While efforts continue to uncover the widespread and overlooked impacts of the pandemic, we thought it might be useful to share some of the questions below that continue to shape our work. There are undoubtedly many other knowledge gaps that young people, policymakers, researchers, institutions, clinicians, and parents might be pursuing, too, in relation to the lack of meaningful participation during the current pandemic, but these questions seem particularly relevant for us following the analysis outlined above:
From the perspective of policymakers in resource-limited countries, why has there not been more recognition of children and young people and prioritization of their views and perspectives when assessing impacts and responses to the COVID-19 pandemic?
What do young people think about policy decisions and ongoing research efforts related to COVID-19 in resource-limited countries? How do they feel about participation (i.e., does a lack of engagement impact them directly, at this time)?
How can researchers and professionals support policymakers in resource-limited countries to foster engagement with young people during a pandemic? What supports do researchers, themselves, need to promote participatory research or methodologies where young people are recognized as participants and/or collaborators?
Campbell, S., Carnevale, F.A. Injustices faced by children during the COVID-19 pandemic and crucial next steps. Canadian Journal of Public Health. 2020;111:658-9. doi: 10.17269/s41997-020-00410-6.
Campbell, S., Cicero Oneto, C., Saini, M.P.S., Attaran, N., Makansi, N., Passos Dos Santos, R., Pukuma, S., Carnevale, F.A. Impacts of the COVID-19 pandemic on children: An ethical analysis with a global-child lens. Global Studies of Childhood. 2020. doi: 10.1177/2043610620976142.
Carnevale, F.A. Recognizing the voice of the child: developing a new paradigm for childhood ethics. Bioética Complutense. 2016;26:20-5.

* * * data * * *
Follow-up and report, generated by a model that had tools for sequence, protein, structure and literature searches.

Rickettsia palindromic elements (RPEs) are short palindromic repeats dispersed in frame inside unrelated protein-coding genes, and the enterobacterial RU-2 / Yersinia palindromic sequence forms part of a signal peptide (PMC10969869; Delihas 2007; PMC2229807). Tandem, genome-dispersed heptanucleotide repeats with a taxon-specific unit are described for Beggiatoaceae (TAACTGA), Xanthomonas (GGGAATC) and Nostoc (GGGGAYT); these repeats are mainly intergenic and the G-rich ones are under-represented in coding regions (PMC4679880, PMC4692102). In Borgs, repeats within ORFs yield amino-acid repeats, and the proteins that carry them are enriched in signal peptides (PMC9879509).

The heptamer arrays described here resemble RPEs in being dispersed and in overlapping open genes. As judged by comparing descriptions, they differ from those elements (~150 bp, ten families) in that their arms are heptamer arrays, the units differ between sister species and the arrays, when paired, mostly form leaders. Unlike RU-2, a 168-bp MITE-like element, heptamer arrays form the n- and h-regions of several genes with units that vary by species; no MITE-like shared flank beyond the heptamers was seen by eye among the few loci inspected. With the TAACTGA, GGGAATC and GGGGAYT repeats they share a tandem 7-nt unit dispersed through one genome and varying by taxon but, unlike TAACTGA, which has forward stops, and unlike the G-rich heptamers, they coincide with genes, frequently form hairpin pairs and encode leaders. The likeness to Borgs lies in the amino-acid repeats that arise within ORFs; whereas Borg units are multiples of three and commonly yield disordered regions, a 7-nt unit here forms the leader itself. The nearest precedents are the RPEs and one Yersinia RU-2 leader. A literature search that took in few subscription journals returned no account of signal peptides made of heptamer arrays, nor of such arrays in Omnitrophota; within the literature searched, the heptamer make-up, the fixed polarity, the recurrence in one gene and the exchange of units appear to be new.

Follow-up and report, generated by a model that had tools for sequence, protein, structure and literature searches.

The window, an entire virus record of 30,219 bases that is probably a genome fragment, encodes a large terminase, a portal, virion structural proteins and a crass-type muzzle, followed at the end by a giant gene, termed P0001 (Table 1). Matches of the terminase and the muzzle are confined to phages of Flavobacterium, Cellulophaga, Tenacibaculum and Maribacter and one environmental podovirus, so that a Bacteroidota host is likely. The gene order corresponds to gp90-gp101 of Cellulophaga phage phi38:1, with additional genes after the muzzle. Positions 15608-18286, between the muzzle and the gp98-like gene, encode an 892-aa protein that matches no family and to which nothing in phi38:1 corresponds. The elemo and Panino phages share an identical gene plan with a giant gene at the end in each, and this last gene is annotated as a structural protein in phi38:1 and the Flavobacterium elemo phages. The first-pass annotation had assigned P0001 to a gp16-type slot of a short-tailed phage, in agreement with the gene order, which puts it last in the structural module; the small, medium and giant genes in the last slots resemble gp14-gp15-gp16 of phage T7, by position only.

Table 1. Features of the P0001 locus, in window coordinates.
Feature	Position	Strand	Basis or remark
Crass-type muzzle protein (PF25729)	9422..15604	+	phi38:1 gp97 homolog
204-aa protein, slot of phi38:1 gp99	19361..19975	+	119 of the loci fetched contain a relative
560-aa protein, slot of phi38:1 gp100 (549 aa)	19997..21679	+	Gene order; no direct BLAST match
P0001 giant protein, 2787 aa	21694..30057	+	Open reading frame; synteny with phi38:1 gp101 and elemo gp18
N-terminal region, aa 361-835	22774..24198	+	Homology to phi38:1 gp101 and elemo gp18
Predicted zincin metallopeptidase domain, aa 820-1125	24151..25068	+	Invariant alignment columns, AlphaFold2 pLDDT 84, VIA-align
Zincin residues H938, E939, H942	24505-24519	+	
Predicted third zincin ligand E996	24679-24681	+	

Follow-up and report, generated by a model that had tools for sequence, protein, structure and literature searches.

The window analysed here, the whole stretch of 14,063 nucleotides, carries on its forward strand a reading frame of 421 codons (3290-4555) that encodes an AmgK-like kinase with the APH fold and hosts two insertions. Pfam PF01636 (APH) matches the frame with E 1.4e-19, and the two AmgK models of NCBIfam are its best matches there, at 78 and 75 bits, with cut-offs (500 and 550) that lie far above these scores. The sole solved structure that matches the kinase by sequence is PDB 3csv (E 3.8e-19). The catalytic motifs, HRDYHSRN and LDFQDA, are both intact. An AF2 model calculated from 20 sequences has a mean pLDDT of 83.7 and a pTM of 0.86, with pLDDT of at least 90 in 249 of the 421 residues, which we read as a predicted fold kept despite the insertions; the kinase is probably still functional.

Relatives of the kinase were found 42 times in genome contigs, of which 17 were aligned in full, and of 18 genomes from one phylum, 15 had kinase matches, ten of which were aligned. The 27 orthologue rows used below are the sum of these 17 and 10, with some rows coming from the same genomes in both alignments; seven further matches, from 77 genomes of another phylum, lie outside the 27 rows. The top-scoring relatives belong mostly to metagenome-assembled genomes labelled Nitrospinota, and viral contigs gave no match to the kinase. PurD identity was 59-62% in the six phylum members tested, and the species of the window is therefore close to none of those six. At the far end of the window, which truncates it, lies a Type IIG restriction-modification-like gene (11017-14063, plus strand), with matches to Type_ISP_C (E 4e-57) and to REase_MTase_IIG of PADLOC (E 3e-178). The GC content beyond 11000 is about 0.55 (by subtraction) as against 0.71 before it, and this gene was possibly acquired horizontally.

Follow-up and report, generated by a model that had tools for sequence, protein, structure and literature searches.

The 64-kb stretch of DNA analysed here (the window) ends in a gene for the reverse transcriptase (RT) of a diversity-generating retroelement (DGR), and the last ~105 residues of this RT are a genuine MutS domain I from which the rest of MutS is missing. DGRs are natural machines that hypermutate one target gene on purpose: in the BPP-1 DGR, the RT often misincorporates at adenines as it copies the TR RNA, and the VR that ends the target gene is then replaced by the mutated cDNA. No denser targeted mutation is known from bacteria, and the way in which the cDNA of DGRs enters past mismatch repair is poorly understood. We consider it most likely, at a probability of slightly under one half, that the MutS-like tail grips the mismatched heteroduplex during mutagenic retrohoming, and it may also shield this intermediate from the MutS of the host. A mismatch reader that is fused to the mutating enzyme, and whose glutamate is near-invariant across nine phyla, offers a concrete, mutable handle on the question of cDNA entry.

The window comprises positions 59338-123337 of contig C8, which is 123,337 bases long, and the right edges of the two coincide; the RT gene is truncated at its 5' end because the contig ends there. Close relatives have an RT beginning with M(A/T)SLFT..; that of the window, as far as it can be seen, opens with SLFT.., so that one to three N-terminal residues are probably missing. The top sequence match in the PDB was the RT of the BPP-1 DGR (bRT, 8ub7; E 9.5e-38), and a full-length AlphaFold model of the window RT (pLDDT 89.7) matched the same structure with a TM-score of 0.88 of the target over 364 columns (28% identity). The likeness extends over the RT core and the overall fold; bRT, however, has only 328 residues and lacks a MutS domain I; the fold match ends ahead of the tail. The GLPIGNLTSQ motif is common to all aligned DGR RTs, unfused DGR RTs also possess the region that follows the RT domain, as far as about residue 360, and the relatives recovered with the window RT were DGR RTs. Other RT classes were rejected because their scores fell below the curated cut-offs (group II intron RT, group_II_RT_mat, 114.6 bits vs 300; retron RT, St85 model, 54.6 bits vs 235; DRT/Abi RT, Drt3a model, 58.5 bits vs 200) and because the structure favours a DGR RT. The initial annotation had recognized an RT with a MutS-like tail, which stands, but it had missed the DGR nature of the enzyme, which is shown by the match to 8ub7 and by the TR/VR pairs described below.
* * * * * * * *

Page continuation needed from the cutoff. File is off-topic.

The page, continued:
Carnevale, F.A., Collin-Vézina, F., Macdonald, M.E., Ménard, JF., Talwar, V., Van Praagh, S. Childhood Ethics: An ontological advancement for childhood studies. Children & Society. 2020. doi: 10.1111/chso.12406.
Sydney Campbell, MA (Phil), is a PhD Student in the Institute of Health Policy, Management & Evaluation at the University of Toronto, and simultaneously completing a Collaborative Specialization in Bioethics through the Joint Centre for Bioethics at the University of Torono. As a whole, her work aims to advance perspectives on childhood well-being, children’s rights, and children’s health care. She also works as a research assistant with the VOICE team at McGill University. E-mail: firstname.lastname@example.org, Twitter: @SydneyOCampbell.
Franco A. Carnevale, RN, PhD (Psych), PhD (Phil), is a nurse, psychologist and clinical ethicist (child & youth services). He is a Full Professor in the Ingram School of Nursing & the Principal Investigator of the VOICE Childhood Ethics research program at McGill University in Montreal, Quebec (www.mcgill.ca/voice). E-mail: email@example.com, Twitter: @childethics
 VOICE has secured funding from the Social Sciences and Humanities Research Council (SSHRC) and Canadian Institutes of Health Research (CIHR)—two federal granting agencies in Canada—along with generous funding from the Newton Foundation.